The LA County Office of the County Counsel wrote to Hogin in September 2015 explaining why they did not agree with her analysis. Months later, the California Coastal Commission wrote to Planning Director Bonnie Blue, in January 2016, to supply a more detailed legal analysis, and recommended that Malibu proceed with its LCP pesticide amendment.
Those entities argued that, contrary to the code, coastal zone areas can ban pesticides because the California Coastal Commission, a statewide agency, allows it via the wording in an LCP. The commission has a history of encouraging localities like Malibu to amend their Local Coastal Plans to control rodenticides; its website even gives examples of pesticide regulations in its guide to creating LCPs.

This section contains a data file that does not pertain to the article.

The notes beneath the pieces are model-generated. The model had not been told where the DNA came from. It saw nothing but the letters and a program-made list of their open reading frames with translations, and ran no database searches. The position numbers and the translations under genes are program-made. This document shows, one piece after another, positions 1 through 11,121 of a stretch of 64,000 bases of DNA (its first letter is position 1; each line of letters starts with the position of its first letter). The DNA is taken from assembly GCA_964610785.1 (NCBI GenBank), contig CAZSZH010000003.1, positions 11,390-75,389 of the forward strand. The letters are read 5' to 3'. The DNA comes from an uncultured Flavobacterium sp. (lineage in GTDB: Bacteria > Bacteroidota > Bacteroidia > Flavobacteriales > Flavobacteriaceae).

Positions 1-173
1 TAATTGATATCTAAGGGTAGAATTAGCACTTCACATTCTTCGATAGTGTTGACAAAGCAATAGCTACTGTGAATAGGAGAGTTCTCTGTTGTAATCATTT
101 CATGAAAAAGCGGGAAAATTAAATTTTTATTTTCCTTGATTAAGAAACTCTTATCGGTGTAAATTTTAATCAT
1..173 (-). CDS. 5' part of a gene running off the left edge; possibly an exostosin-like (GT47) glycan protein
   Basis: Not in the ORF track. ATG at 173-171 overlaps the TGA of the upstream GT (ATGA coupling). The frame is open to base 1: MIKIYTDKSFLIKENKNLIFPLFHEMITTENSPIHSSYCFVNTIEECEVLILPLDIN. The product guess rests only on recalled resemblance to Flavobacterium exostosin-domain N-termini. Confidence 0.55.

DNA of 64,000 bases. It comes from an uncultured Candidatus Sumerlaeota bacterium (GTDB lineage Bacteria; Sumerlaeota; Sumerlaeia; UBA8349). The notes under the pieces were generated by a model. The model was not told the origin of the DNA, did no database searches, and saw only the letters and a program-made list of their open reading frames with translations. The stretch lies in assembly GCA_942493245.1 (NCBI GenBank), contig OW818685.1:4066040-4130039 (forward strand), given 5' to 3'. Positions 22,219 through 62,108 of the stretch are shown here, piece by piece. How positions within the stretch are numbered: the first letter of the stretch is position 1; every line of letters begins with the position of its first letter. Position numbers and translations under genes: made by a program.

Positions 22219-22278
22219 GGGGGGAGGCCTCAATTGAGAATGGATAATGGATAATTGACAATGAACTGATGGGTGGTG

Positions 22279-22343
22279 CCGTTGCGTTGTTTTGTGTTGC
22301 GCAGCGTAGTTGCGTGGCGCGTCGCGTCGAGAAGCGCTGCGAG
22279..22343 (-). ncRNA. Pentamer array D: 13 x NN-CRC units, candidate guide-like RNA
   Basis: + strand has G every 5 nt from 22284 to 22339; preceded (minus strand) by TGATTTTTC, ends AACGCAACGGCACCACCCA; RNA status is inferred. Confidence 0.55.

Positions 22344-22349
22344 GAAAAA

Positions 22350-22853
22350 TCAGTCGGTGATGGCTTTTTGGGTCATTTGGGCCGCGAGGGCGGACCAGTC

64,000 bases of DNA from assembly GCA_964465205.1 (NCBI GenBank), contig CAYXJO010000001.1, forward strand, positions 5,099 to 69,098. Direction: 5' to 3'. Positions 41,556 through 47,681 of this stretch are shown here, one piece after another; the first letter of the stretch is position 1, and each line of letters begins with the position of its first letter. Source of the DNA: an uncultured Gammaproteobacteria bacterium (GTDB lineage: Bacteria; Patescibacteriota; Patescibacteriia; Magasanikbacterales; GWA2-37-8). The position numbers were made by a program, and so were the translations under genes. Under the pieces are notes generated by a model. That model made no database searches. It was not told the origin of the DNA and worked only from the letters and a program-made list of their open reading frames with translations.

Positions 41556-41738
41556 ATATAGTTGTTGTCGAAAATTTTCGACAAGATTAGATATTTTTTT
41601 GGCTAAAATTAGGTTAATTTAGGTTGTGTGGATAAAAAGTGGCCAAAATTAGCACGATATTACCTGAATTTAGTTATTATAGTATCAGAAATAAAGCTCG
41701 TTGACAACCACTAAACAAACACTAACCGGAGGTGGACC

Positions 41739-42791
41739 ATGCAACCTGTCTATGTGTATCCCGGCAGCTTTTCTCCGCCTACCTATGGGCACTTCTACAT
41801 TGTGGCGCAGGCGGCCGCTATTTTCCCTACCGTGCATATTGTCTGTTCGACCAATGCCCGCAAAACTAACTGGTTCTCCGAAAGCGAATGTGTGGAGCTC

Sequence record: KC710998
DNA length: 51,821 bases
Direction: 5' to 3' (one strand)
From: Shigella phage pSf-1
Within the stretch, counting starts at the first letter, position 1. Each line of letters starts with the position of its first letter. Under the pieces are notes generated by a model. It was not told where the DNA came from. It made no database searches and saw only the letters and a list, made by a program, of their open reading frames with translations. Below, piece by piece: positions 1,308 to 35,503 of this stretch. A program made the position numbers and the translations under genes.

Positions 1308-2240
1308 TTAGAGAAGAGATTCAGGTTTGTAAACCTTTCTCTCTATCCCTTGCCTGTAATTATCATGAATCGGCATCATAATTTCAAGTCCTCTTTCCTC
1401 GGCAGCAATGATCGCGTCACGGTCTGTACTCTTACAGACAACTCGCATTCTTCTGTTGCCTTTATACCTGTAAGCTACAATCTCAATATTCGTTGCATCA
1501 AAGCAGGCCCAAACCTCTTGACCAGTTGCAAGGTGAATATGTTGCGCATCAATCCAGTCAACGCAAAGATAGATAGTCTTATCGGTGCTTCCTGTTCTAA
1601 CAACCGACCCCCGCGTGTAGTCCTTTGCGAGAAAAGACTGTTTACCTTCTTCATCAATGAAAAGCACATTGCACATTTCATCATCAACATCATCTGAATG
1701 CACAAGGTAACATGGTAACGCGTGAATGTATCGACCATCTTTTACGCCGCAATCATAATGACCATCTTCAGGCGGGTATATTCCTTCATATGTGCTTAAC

Peak tried to revive the LCP amendment two years later, on May 29, 2018, at which point city council unanimously approved going forward again; nothing has come before the council in the 11 months since that meeting.
When Peak was sent a message to ask about the delay, he messaged back, “We take time to think things through. Many times, I wish it acted much faster, but government lags.”
Kian and Joel Schulman of Poison Free Malibu allege the pesticide ban is opposed by city staff, specifically Hogin. “She’s still fighting it today,” Kian said.
For Hogin’s part, she said the city has been working in Sacramento to push the state legislature to either enact a statewide ban on anticoagulant rodenticides—which is preferred—or else lift the preemption so local cities can pass their own bans.
“If the city were to just say to the state, ‘We’re just going to go ahead and adopt [a ban]’ … I guarantee the state legislators would say, ‘Fine, now it’s off our back. Now we don’t need to fight with the chemical lobbyists,’” Hogin said. “It also gets them off the hook in a way that, honestly, they shouldn’t be off the hook.”